Monday, June 12, 2017

God in the Middle

Welcome to Monday! I always chuckle a bit when I hear people fuss about going back to work on Monday or dreading that the weekend is over. For many caregivers, weekends are no different than other days - there's no "evil power" lurking on Monday - it looks just like any other day to most of us. In some ways Monday can be a break for us - aides and other medical professionals get to take their weekends off so our help comes back on Mondays. Sort of reversed I guess.

When I woke up this morning I had what I thought was an odd scripture running around in my head. I even had to look for it a bit - it was though the earth be removed and cast into the midst of the sea. I knew it was in a familiar passage, but it took me a few minutes to locate, before I found it in the middle of Psalm 95.

I can easily quote the first part of this psalm, and run to it quite frequently. It says God is our refuge and strength, a very present help in time of trouble. I love that, especially the very present part. And toward the end of the Psalm is another super familiar verse I have come to love. Be still and know I am God. But for years, I've skipped all the part in the middle - it didn't make sense, especially between these two powerful go-to verses.

Right in the middle is where I found though the earth be removed and cast into the sea. There's a lot of destruction in the middle of this Psalm. We tend to attribute all the psalms to David, and he did write most of them. But I glanced up and saw that this particular Psalm is written by the Sons of Korah. You remember Korah, right?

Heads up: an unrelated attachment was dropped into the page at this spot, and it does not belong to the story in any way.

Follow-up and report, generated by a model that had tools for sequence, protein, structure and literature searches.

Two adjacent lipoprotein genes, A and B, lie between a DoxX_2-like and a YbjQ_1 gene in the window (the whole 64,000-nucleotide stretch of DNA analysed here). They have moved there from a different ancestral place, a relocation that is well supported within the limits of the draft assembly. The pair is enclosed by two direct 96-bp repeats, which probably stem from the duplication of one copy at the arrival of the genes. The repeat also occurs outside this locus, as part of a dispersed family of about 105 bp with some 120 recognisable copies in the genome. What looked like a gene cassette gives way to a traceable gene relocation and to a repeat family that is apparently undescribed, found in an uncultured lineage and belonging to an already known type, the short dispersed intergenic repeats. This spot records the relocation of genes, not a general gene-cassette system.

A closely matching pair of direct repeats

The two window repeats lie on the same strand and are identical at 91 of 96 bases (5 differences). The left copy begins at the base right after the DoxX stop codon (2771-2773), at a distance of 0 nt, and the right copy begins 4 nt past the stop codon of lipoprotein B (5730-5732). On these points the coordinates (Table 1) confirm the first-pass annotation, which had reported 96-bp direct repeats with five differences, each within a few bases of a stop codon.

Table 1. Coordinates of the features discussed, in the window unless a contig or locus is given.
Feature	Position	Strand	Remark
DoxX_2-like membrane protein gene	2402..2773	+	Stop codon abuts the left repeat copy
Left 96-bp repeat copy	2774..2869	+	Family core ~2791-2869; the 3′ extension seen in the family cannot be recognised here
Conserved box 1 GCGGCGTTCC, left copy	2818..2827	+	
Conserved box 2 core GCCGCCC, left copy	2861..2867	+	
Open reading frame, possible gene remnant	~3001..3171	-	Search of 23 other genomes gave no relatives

The story is in Numbers 16. Korah assembled a crowd against God's leaders, Moses and Aaron. Moses said - God can choose between us. The next day Moses said - everyone on God's side stand with us - those with Korah stand with him. And the earth opened up and swallowed Korah's crew.  (verse 32) So the "sons of Korah" who survived, obviously stayed away from Korah and survived. They chose God over family and it was a good thing. So when they  say though the earth be removed they have a good basis for that, they understood it. In verse 8 they said it was God who wrought desolations in the earth. But they also understood that God was with them in the midst of all the "bad stuff" they saw happen.

I think their dedication to God and His purposes were deeper. They understood the glory of God -they had seen it in the wilderness. They understood God as their refuge, as their strength, and the very present help in trouble. But they also saw the God who sent the plagues, delivered the children of Israel, wiped out Pharaoh's army, and did wonders along the way. They understood that in the "middle part" when the earth was eating people, there was still a place with God. There is a river whose streams make glad the city of God.

What I want to walk away with today is that we can know that God in the middle. He's the same when everything is going great, and when everything is not so great. He does not change no matter what we face. He is constant. He is present. He is God. Circumstances do not dictate to Him. And that is my praise point for today.

Today I will turn my thoughts to Him as my ever present help in trouble. My meditations will be on His unchangeable-ness. (new word!) I'll rejoice that He does not sway with my circumstances, or my moods. He's not a moody God. He is sure. He is steadfast. He is mine. And with that I will trust Him for one more day. Will you join me?

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